The Ghana Music Rights Organization's (GHAMRO) anti-piracy taskforce, made up of police personnel and task force members, yesterday announced that it was ready to embark on a nationwide anti-piracy exercise to arrest all those involved in music piracy in the country.
The executives of GHAMRO, who expressed concern about the increasing rate of music piracy in the country, warned those involved that it was ready to intensify its war against all those who had deprived musicians in the country of their daily bread.
The purpose of the anti-piracy exercise is to arrest several persons who engaged in illegal downloading and sale of music and audiovisual works which violated Ghana's Copyright Laws and International Treaties.
Piracy does not only rob musicians of their expected revenue, but significantly tampers with the quality of their products, thereby causing public disaffection against them.
According to GHAMRO executives, the exercise, which began a couple of weeks ago in Accra, would be extended to other parts of the country, adding that the activities of music pirates had brought untold hardships upon musicians and music producers, who lost heavy investments through such illegal activities.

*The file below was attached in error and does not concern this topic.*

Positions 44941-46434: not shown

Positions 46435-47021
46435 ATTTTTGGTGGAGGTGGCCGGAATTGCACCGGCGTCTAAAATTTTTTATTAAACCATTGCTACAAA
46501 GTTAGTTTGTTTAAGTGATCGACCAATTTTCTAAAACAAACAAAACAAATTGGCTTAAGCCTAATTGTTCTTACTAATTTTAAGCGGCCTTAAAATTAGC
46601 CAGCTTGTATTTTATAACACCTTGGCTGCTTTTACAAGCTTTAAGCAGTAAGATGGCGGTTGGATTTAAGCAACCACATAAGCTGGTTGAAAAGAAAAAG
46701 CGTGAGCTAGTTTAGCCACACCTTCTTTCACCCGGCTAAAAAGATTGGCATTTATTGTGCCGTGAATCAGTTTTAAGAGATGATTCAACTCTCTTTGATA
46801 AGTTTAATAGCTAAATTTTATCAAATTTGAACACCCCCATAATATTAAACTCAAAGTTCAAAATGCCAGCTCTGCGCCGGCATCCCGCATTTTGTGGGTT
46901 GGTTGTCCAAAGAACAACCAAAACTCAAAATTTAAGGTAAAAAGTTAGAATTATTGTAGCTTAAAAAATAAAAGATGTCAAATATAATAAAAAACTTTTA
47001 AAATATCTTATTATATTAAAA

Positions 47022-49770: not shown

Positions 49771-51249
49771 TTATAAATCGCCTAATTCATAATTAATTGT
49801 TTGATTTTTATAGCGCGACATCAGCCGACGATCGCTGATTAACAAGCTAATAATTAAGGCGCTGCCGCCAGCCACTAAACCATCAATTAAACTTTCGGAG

The activities of pirates, GHAMRO pointed out, if not checked, could kill creativity in the music industry as the pirates were living on the sweat and toil of musicians and music producers.
GHAMRO warned that music sellers should desist from selling pirated musical works and rather purchase original copies of music produced from authentic sources.
By George Clifford Owusu